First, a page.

verb (used with object)

to cut or divide by passing through or across: The highway intersects the town.

verb (used without object)

to cross, as lines or wires.
Geometry. to have one or more points in common: intersecting lines.

Origin of intersect

1605–15; < Latin intersectus, past participle of intersecāre “to cut through, sever”; see inter-, -sect
Related formsnon·in·ter·sect·ing, adjectiveself-in·ter·sect·ing, adjectiveun·in·ter·sect·ed, adjectiveun·in·ter·sect·ing, adjective Unabridged Based on the Random House Unabridged Dictionary, © Random House, Inc. 2019

Examples from the Web for intersected

Contemporary Examples of intersected

Historical Examples of intersected

  • The moor is intersected with paths and the moon was at the full.

  • Stones had been removed and built into low walls that intersected the fields.

    In Apple-Blossom Time

    Clara Louise Burnham

  • We were on some high ground which was intersected by rocky ravines and sandhills.


    John French, Viscount of Ypres

  • The cultivated ground was intersected by a considerable stream of water.

    Wood Rangers

    Mayne Reid

  • He then claimed the trees, as they were intersected every way by his property.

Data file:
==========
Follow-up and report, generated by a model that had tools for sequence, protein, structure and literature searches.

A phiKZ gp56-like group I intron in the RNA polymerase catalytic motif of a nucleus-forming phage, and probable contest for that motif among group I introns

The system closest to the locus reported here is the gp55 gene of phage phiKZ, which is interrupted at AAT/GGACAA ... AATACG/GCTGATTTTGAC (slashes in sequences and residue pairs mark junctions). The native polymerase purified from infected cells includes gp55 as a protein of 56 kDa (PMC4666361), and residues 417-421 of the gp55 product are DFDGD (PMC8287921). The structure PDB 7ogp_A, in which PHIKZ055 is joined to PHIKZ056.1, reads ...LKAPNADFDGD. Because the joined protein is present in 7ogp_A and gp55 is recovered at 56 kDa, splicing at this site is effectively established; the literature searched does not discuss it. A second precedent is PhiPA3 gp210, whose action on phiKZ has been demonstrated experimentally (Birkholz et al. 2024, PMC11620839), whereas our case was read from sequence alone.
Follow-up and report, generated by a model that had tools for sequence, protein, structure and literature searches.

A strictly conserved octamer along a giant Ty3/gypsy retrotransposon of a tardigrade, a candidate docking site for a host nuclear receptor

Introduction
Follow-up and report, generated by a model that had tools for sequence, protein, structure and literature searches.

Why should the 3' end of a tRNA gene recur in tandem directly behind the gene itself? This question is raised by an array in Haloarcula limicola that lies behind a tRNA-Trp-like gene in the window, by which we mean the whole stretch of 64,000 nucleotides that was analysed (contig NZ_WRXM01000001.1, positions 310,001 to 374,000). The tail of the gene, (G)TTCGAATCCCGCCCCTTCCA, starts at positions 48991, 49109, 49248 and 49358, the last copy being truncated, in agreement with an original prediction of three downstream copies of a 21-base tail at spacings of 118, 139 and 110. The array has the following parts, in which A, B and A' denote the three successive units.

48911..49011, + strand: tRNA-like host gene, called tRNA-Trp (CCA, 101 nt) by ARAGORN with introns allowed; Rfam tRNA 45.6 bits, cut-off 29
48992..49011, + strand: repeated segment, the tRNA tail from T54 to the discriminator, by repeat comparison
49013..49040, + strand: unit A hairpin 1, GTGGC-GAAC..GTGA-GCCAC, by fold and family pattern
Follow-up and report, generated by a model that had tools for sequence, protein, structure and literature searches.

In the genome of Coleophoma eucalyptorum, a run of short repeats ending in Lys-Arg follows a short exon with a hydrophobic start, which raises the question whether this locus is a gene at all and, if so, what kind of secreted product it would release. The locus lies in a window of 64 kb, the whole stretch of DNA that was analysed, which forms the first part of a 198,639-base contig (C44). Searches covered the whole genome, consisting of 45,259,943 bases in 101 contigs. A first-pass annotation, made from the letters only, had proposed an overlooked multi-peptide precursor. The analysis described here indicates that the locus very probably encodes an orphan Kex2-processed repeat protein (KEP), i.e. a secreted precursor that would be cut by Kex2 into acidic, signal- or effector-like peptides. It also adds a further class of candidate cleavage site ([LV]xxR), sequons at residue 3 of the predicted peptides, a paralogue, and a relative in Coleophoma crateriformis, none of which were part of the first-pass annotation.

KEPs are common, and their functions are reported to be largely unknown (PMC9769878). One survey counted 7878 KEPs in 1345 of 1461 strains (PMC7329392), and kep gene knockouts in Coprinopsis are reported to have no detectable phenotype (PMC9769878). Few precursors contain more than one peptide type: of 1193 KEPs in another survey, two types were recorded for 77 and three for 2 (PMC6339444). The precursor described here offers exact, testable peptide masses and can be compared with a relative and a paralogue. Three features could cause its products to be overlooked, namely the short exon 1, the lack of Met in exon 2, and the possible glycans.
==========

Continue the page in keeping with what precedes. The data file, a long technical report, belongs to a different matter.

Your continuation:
British Dictionary definitions for intersected



to divide, cut, or mark off by passing through or across
(esp of roads) to cross (each other)
maths (often foll by with) to have one or more points in common (with another configuration)

Word Origin for intersect

C17: from Latin intersecāre to divide, from inter- + secāre to cut
Collins English Dictionary - Complete & Unabridged 2012 Digital Edition © William Collins Sons & Co. Ltd. 1979, 1986 © HarperCollins Publishers 1998, 2000, 2003, 2005, 2006, 2007, 2009, 2012

Word Origin and History for intersected



1610s, back-formation from intersection, or else from Latin intersectus, past participle of intersecare "intersect, cut asunder," from inter- "between" (see inter-) + secare "to cut" (see section (n.)). Related: Intersected; intersecting.



1650s, from Latin intersectum (see intersect (v.)).

Online Etymology Dictionary, © 2010 Douglas Harper